China deployed oil rig with supporting vessels
Most recently, and just a couple of days after Obama completed a high-profile visit to Asia, China deployed a massive oil rig with dozens of supporting vessels to drill in a disputed area off the coast of Vietnam, near islands controlled by China but claimed by both nations. That sparked an offshore confrontation with Vietnamese vessels and triggered angry protests inside Vietnam that killed two Chinese workers and wounded 140 more.
Douglas Paal, an Asia expert at the Carnegie Endowment for International Peace, said that while the indictment of the military officials is the culmination of two years of increasing U.S. pressure on China on cyber issues, "a lot of Chinese will think the administration is doing this now as they are looking for some way to get a hook into China."
American concern over the Shanghai-based military unit to which the five indicted officials are said to belong has been public knowledge for more than a year. The U.S. Internet security firm Mandiant issued a report in February 2013 tracing hacking activities against 141 foreign entities in the U.S., Canada and Britain to that unit.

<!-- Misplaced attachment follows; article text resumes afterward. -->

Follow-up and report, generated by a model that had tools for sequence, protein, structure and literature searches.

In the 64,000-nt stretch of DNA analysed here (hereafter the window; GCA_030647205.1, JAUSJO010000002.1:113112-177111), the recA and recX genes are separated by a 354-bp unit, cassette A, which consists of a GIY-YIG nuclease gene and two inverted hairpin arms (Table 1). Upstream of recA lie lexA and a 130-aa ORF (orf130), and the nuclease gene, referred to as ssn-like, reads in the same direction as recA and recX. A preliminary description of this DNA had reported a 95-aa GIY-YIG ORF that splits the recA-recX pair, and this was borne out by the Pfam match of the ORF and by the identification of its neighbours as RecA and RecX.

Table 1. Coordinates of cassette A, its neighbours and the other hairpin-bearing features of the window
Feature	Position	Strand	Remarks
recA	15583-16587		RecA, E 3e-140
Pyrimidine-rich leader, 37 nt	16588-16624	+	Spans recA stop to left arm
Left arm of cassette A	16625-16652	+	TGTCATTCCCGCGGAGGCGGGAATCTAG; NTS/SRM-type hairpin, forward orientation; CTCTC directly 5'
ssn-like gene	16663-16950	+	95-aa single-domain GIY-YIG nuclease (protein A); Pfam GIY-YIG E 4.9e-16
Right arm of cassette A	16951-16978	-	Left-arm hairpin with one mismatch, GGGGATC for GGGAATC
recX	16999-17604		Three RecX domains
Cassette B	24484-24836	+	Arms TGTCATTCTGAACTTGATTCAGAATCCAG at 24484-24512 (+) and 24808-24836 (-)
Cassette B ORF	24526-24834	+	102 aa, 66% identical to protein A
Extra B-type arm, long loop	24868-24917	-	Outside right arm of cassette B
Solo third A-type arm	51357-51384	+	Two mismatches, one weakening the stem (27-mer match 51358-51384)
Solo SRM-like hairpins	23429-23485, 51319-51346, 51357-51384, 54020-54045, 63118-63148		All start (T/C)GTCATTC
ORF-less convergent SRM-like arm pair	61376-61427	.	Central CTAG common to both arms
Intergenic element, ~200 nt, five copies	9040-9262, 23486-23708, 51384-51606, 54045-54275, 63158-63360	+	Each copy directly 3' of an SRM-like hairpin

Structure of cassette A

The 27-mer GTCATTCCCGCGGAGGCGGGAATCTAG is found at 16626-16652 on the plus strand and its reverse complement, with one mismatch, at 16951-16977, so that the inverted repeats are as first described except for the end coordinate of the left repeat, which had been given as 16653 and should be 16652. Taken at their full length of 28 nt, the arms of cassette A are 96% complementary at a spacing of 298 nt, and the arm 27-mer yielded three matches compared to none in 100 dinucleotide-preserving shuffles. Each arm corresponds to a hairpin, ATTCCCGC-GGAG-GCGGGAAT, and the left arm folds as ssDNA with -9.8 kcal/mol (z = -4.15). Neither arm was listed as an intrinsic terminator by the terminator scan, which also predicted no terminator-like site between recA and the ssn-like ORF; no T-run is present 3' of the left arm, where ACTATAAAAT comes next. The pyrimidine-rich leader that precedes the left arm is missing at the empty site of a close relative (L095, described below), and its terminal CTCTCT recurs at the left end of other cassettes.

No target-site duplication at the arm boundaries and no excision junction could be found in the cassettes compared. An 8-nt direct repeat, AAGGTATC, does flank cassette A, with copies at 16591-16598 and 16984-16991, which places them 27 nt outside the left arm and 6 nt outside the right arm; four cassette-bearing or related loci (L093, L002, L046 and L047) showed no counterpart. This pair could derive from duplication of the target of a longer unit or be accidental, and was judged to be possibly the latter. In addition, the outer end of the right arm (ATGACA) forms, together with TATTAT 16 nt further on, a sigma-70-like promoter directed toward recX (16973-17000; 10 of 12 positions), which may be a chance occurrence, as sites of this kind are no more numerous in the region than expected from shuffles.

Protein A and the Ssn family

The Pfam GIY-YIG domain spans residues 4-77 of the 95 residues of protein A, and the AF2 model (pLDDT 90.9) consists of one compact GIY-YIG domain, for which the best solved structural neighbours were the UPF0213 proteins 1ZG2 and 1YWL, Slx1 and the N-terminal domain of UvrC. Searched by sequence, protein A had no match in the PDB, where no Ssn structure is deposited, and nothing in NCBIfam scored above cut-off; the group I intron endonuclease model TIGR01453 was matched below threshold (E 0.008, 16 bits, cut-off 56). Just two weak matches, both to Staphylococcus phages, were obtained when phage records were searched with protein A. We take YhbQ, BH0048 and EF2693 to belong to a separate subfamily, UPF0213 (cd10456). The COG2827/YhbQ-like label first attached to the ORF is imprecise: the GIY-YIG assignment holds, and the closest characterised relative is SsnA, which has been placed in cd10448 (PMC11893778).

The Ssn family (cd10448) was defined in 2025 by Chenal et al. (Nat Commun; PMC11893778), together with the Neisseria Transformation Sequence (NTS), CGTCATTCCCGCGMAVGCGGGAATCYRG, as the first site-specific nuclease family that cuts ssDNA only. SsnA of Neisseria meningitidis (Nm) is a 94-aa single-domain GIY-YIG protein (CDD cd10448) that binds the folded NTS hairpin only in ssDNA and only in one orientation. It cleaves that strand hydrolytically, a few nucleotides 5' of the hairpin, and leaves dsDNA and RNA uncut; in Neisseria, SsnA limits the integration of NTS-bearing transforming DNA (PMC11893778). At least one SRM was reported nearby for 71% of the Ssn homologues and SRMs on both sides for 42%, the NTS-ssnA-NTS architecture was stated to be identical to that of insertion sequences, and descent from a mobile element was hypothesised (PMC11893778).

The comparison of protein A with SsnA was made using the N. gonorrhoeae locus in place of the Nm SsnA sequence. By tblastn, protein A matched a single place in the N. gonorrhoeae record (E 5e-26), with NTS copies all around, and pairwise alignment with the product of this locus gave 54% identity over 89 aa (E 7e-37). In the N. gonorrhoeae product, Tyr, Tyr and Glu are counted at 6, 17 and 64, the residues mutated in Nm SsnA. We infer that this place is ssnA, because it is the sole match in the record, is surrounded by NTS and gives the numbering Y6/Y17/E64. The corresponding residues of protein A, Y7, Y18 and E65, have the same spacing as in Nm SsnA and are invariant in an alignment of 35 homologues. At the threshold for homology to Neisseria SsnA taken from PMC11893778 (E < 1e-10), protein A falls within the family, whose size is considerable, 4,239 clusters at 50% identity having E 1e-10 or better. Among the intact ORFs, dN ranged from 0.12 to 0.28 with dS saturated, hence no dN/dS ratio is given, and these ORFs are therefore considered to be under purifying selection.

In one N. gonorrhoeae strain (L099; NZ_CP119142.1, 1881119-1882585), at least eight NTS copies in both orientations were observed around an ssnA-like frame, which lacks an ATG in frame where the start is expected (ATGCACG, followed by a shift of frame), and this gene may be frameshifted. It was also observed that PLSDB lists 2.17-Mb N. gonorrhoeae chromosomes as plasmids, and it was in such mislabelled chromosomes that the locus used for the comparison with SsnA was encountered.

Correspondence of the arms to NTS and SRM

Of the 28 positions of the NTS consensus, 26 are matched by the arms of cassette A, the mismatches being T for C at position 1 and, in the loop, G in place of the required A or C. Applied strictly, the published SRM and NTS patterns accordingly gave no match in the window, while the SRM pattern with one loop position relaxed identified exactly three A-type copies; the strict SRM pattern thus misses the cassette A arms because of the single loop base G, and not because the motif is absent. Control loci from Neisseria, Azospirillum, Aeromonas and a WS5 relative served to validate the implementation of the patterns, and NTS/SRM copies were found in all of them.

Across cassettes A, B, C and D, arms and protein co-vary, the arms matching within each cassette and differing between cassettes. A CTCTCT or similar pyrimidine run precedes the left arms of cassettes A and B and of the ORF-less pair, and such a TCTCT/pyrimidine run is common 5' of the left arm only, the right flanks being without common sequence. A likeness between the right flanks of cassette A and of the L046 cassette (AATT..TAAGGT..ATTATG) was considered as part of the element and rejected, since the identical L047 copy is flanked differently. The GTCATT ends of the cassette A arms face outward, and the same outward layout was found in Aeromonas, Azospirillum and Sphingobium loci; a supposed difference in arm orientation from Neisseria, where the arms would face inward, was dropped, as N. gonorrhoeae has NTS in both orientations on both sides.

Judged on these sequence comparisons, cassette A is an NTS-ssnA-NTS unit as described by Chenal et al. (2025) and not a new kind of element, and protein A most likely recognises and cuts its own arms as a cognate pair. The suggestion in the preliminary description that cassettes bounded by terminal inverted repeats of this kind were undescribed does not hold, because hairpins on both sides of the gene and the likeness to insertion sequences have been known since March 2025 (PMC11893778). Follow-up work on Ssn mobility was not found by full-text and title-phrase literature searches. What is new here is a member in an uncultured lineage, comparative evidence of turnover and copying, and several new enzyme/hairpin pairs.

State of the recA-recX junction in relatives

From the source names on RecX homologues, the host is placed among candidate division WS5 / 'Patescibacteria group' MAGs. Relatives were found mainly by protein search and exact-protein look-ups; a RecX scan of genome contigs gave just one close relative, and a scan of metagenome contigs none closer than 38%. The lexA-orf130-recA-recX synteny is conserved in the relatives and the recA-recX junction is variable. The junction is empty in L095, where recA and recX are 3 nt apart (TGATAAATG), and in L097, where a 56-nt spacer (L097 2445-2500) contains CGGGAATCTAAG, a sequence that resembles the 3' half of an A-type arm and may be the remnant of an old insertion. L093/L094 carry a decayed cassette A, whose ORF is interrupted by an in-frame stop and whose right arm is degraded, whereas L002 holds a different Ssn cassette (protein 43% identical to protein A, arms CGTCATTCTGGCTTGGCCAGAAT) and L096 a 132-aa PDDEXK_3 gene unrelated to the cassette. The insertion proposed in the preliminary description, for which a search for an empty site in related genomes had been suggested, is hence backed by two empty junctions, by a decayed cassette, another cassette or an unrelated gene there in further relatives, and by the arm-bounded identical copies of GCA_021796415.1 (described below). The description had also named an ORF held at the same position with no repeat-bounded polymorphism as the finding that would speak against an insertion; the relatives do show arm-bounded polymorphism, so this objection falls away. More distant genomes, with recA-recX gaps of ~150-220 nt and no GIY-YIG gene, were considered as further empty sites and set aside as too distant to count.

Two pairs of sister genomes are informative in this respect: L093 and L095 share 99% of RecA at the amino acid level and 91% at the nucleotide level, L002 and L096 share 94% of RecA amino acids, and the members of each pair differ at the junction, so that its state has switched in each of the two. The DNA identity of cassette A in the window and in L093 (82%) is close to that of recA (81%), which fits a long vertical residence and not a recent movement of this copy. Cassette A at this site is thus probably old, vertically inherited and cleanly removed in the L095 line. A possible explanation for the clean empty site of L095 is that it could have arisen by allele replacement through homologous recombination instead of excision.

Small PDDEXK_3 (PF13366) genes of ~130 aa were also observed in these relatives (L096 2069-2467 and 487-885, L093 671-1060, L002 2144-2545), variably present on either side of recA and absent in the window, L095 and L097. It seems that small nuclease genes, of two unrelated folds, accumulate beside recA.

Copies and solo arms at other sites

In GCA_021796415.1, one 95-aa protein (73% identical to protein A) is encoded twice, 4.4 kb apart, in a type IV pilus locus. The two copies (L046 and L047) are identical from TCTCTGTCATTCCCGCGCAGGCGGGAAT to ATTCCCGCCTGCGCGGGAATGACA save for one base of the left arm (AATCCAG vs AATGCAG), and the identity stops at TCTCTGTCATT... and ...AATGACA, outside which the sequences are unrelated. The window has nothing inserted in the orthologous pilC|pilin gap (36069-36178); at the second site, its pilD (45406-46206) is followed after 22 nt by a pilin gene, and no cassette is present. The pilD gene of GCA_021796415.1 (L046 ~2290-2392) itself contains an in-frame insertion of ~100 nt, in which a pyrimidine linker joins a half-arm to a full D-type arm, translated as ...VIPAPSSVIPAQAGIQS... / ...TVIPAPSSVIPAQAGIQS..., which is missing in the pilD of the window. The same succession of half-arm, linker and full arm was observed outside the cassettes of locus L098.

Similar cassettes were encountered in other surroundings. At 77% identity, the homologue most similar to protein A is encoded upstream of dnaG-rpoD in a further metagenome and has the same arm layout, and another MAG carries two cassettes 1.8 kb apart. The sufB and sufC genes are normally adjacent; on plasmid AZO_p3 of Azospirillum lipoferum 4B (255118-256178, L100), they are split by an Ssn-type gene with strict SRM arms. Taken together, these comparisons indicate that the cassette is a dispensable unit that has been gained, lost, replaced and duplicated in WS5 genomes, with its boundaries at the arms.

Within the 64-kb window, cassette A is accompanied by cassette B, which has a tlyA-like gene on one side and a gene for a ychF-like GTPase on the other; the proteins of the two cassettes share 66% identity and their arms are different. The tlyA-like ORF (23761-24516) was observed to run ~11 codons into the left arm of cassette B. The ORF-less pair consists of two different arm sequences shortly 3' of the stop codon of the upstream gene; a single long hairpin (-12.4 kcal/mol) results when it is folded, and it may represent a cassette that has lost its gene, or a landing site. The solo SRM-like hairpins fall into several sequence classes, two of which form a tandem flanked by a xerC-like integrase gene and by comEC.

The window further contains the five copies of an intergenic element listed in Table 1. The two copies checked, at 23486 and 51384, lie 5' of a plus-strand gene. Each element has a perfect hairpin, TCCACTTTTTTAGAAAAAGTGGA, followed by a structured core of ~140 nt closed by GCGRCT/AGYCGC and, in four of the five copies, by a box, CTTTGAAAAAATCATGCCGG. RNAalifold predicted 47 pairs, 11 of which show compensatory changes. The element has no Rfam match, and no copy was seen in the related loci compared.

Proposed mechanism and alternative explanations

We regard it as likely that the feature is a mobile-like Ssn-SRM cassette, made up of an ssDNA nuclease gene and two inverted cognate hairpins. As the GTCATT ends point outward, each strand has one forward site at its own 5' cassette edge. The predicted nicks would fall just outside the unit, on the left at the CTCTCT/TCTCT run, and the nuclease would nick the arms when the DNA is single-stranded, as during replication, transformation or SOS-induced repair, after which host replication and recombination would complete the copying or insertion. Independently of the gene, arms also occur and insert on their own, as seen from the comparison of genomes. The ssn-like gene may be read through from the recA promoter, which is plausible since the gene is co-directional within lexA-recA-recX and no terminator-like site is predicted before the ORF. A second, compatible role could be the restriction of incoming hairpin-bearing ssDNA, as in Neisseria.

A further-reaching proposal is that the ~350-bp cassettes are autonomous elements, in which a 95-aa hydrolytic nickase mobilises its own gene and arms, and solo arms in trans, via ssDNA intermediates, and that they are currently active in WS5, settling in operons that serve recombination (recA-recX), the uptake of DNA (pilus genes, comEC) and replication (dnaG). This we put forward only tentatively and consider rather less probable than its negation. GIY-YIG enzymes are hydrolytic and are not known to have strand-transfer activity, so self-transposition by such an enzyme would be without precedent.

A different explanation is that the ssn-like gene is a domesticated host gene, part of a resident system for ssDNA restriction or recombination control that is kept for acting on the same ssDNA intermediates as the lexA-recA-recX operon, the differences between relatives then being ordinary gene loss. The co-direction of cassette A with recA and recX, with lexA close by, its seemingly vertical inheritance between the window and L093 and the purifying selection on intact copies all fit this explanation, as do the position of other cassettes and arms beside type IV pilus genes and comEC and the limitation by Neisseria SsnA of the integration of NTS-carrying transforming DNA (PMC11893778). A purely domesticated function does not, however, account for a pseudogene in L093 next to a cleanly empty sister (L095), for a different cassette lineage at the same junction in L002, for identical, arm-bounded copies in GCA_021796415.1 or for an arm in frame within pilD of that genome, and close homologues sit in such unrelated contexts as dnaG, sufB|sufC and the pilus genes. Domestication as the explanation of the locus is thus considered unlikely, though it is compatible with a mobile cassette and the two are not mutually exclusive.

A month later, the Obama administration upped the diplomatic ante by directly calling for China to take serious steps to stop cyber-theft.
Talks on the issue, now suspended by China, have gained little traction. Analysts say Beijing does not draw the same distinction as the U.S. between spying for national security reasons, which Washington views as defensible, and economic espionage to gain market advantage, which it views as unacceptable.
The administration's message has also been diluted by the revelations of former National Security Agency analyst Edward Snowden over U.S. eavesdropping on foreign communications �� even against allies.
"The Chinese for the past year have been blowing off U.S. charges on cyber by pointing to Snowden. The indictment now gives the U.S. side a very concrete example to show to the Chinese, that what your guys are doing is different," said Michael Green, a former White House director for Asian affairs in the George W. Bush administration.